Political Reform

Energy Page 3

Nuclear energy then is all of the things we need.

It is renewable (or at least it will last for centuries), 100% clean, safe, stable, and consumes very little land.  Nuclear power is also cheaper than electricity produced by burning coal.  Cheaper energy will stimulate the economy.  Cheaper electricity will also attract large computer businesses (like google) to build their data centers in the US, thus creating jobs.

    All we have to do is make the decision to only give out building permits for nuclear power plants.

Then we only renew operating permits on plants that are modern nuclear plants.  Operating permits are for 20 to 40 years, so within about 30 years 100% of our electricity production will be 100% clean.  Since electricity production accounts for around 35% of all greenhouse gas emissions, this would cut our emissions by that amount, while setting the stage for further reductions.

    The second stage of my plan is to leverage nuclear power to clean up transportation.

Transportation accounts for another 25% of green house emissions.  Once all electricity is 100% clean we can also convert a large part of our transportation needs to electricity.  Electric cars and electric trolleys or light rail for public mass transit will leverage our clean energy source.

    Rather than spending tons of money trying to convince people to buy electric cars, we can simply pay for the R&D.

Once we develop good designs for electric vehicles the government can give those designs away for free to any auto company that wants to use them.  Patent reform would also help in this aspect, but I'll go into that some other day, as patent reform is a complex and lengthy subject with implications in health care reform as well.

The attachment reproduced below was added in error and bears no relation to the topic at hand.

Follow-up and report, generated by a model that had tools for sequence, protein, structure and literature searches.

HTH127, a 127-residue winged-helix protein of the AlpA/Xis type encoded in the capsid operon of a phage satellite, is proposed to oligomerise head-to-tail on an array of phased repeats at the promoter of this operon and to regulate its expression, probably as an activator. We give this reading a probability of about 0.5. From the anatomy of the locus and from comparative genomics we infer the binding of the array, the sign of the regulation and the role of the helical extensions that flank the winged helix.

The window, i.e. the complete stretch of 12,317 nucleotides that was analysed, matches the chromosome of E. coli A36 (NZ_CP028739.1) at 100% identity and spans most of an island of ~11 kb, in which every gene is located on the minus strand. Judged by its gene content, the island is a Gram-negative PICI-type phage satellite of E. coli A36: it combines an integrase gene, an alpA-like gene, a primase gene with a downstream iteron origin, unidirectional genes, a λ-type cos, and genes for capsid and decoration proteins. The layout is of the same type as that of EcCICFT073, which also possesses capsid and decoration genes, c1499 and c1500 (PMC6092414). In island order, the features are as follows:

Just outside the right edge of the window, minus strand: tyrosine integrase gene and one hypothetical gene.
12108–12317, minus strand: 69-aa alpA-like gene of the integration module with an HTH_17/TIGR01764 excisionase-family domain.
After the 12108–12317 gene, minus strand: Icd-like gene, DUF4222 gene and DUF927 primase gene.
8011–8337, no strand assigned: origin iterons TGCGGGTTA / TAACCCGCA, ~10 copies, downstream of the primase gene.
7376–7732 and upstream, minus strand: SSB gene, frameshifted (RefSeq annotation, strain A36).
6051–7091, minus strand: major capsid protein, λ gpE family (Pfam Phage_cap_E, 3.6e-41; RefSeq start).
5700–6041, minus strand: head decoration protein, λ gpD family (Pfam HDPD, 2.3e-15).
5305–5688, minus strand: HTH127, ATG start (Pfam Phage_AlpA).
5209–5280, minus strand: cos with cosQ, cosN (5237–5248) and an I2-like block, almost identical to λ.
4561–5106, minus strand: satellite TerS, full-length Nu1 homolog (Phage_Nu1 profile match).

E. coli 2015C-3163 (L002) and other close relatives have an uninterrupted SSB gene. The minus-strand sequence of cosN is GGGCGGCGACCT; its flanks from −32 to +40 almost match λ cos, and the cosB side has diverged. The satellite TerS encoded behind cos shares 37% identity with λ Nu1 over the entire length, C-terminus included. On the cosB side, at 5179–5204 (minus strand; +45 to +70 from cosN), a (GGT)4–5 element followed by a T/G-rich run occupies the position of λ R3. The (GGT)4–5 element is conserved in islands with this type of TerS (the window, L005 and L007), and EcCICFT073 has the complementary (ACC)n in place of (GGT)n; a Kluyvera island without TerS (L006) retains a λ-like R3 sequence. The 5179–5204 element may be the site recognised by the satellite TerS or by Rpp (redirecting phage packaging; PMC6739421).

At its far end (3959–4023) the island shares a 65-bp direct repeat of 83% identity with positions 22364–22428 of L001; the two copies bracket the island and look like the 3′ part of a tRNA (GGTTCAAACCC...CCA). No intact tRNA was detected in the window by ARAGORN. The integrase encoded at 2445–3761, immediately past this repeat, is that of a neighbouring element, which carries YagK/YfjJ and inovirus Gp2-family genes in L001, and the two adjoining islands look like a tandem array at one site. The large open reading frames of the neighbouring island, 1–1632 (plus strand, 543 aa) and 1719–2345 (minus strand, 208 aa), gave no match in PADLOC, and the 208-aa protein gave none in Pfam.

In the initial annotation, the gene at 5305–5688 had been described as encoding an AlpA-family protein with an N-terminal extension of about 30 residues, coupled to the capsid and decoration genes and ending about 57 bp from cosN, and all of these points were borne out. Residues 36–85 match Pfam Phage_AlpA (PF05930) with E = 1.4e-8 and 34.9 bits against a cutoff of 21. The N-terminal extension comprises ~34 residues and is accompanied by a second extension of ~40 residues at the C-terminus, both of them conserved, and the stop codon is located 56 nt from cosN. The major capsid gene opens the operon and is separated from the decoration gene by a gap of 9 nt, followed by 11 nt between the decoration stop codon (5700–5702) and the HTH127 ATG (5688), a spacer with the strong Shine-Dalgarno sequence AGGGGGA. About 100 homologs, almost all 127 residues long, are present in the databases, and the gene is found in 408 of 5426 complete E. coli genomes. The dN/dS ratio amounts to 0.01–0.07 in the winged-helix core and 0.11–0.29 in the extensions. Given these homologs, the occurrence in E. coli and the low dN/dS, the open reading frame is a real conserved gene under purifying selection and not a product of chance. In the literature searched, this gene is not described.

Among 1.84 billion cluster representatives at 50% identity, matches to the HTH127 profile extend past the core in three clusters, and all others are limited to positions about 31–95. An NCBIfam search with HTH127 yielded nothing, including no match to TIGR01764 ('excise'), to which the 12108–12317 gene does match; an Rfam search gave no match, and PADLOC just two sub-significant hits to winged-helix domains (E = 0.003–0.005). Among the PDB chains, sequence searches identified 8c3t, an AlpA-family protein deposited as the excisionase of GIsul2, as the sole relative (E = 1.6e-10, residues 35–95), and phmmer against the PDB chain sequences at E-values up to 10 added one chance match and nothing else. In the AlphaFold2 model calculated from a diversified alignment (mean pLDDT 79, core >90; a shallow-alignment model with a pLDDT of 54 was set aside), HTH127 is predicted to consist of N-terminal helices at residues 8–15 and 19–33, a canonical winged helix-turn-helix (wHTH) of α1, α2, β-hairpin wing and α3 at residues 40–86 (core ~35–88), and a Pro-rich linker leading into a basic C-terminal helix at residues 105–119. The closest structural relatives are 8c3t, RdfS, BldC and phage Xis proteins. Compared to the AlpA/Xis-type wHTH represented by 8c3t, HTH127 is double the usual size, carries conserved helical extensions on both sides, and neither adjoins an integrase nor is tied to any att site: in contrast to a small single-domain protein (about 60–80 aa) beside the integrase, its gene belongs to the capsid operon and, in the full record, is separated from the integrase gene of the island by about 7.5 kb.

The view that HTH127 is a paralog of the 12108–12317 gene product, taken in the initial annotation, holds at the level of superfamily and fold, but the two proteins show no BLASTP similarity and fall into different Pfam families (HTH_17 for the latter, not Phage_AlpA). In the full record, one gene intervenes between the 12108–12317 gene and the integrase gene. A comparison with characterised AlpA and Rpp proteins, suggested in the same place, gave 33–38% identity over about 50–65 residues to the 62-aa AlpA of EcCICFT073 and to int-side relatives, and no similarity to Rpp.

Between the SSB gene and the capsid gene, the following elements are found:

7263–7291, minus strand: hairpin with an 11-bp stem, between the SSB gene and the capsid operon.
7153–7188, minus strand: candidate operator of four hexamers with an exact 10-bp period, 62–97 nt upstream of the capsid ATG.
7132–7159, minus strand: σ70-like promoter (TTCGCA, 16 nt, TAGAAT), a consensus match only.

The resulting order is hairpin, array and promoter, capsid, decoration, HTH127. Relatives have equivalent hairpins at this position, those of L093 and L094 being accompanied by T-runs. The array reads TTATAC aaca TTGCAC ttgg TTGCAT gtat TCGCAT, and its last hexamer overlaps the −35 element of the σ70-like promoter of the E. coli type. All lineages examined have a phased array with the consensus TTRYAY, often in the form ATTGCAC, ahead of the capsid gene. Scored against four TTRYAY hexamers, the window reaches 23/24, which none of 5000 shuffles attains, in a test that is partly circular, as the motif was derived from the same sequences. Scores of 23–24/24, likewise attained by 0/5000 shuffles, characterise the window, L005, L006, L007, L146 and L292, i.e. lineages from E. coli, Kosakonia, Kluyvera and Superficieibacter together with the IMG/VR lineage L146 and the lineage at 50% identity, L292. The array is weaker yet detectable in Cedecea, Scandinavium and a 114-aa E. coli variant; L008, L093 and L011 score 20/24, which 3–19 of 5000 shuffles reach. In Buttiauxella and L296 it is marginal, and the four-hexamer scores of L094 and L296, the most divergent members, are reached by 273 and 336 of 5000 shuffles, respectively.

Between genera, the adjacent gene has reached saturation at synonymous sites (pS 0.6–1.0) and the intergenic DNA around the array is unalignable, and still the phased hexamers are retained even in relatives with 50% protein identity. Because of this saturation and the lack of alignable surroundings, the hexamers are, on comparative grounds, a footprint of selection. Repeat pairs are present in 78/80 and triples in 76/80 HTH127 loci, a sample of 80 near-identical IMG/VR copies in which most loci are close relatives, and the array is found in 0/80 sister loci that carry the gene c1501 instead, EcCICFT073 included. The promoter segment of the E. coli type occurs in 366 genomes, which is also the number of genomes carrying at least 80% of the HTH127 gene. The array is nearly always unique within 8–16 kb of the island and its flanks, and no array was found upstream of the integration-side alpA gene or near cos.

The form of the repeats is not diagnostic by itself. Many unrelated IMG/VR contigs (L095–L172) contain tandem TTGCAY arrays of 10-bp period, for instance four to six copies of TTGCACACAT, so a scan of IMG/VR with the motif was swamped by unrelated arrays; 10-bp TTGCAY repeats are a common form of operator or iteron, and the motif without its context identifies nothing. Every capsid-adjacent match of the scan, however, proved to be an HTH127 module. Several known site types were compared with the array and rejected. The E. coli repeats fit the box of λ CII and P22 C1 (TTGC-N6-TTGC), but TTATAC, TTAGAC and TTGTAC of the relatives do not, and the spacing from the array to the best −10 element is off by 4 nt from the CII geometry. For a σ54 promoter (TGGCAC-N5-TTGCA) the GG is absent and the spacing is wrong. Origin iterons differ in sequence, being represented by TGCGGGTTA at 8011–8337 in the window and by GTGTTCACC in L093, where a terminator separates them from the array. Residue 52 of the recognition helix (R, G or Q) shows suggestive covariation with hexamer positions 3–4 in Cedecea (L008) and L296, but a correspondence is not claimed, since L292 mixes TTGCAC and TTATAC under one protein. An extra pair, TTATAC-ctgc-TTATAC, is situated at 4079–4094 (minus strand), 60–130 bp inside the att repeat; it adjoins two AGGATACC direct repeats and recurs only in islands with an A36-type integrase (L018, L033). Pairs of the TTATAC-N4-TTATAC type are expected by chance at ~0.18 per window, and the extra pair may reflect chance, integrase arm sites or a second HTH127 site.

One of the reasons that electric vehicles are so expensive, is that it takes just as much money to design it, but then you only sell a few cars, so the up front design costs have to be split over fewer cars, thus inflating the individual cost.  By having free designs that a company can just put their own logo on, the cars would be cheaper.  By purchasing electric patents from competing companies and putting those technologies into a common pool for everyone to use, the quality will also go up, making electric cars more competitive with gasoline cars.  I've read that at least one electric car design was killed because they could not get approval to use a patent owned by another company.

    The third stage is to get industry to convert their industrial heating needs to use electric.

If electricity is cheap, this should not be hard, and will further reduce emissions.

    The fourth stage is housing.  I would have all new housing built using some form of electric heating.

The most efficient electric heating is the heat pump.  There are several nice ones on the market today, with impressive efficiency ratings.  These heating systems can be very cheap to run even at today's electricity prices.  A heat pump will also work as an air conditioner in the summer, so its quite a cost effective installation.  If electricity cost were to go down to half what it is today they would be even cheaper to run.  Lower monthly heating and air conditioning bills lets people spend more money on other things, thus improving the economy.  Water heaters and stoves can also be converted to electric.  There are even heat pump water heaters with very impressive efficiency ratings.  The government can offer to pay part of the cost of converting to electric heating to convince people to upgrade if we want to spend tax money to speed up the process.

    The money to pay for the electric car designs would come from canceling our current programs.

Payments to wind, solar and bio fuel companies is in the range of 100 billion a year.  These payments are costing us a ton of money and doing very little or nothing for the environment.  The money would be better spent upgrading housing and paying for electric car designs.  We would even have money left over to go toward reducing the deficit, since designing a car is much cheaper than what we are currently spending on infective programs.